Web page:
Four charged in homegrown terror plot: L.A. Now Live
Times Inland Empire correspondent Phil Willon will join L.A. Now Live at 9 a.m. to discuss the alleged terror plot involving four Southern California men who were arrested and charged after a months-long investigation into what authorities said was a plan to commit a "violent jihad."
A federal complaint unsealed this week against the suspects depicts them as intent on joining Al Qaeda and killing American and U.S.-led coalition troops in Afghanistan. But the court papers indicate that their alleged road to martyrdom was rutted with endless logistical problems, dubious connections overseas and their own equivocating over the smallest decisions: How do you pack for a jihad?
Three of the suspects lived in quiet neighborhoods in Ontario, Upland and Riverside. A fourth, Sohiel Kabir, 34, is a native Afghan and naturalized U.S. citizen who has lived in Pomona and served in the Air Force from 2000 to 2001.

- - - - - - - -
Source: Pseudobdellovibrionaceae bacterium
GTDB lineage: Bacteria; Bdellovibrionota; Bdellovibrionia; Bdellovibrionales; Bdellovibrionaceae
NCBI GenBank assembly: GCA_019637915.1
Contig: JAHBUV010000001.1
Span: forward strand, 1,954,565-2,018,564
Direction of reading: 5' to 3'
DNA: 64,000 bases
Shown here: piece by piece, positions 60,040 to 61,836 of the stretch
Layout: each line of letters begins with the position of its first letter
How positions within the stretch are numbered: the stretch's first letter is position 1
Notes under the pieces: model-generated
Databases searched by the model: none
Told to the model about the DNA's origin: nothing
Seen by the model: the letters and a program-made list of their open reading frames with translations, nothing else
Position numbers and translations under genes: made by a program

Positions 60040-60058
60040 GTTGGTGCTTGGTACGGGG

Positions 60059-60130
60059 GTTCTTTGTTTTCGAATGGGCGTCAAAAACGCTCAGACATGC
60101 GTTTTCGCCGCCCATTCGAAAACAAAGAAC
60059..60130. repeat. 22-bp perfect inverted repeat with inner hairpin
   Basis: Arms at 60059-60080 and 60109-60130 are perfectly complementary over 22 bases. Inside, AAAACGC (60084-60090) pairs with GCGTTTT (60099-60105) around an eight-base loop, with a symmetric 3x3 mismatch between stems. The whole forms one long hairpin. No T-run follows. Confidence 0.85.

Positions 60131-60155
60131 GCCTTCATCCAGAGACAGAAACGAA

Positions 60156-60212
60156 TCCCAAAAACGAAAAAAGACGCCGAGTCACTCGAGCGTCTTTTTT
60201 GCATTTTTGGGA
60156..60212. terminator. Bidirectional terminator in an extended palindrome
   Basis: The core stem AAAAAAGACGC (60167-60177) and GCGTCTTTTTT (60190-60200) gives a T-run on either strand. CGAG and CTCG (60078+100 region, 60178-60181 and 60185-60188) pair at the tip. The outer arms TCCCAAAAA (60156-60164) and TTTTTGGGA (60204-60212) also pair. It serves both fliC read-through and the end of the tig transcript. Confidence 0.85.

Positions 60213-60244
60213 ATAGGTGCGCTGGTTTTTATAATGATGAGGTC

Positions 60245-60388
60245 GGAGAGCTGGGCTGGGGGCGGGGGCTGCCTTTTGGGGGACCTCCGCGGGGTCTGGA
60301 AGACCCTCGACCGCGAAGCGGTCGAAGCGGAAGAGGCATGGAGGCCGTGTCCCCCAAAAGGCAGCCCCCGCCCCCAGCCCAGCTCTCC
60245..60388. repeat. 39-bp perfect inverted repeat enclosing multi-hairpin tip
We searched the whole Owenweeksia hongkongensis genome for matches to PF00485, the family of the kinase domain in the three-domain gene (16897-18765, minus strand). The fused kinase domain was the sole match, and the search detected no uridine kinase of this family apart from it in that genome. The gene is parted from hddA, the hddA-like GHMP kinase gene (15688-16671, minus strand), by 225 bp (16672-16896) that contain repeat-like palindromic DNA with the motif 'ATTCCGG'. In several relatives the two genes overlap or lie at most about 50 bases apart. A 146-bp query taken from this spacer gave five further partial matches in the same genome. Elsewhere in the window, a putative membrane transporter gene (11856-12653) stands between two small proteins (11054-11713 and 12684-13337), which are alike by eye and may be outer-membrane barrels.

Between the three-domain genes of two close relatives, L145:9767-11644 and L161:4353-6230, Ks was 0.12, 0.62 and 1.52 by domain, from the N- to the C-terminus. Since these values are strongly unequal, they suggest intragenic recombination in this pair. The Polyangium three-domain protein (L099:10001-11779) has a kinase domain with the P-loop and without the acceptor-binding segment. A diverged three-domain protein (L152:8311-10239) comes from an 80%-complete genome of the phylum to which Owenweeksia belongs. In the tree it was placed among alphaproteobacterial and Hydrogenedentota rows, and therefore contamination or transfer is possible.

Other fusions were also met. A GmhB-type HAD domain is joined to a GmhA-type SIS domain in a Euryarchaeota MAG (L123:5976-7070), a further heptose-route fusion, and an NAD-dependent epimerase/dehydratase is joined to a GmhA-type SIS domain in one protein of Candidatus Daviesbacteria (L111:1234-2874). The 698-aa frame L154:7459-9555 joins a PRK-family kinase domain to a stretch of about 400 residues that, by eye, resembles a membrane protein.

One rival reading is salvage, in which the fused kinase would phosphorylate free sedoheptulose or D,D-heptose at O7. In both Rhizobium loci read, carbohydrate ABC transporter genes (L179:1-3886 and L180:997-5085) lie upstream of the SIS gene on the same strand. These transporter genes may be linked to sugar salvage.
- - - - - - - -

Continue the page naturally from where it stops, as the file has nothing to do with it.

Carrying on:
Their alleged plan seemed -- at least based on the complaint -- amateur, with a social media path that easily pointed the way back to them.
The alleged aspiring terrorists "liked" each other's jihadist Facebook postings. When they played paintball in Corona to prepare, they commended each other for going full-throttle for shaheed (martyrdom) against timid opponents, according to the complaint. One man, the court papers said, vowed to start hiking to get to know mountain terrain, and maybe try skydiving to see how he handled fear.
But federal officials took the defendants' alleged plans extremely seriously, and expended "extraordinary resources" to track and stop them, David Bowdich, FBI special agent in charge of counter-terrorism in Los Angeles, said at a news conference Tuesday.
"Not only were they playing paintball, they were going to shooting ranges," Bowdich said. "They saw this as jihad."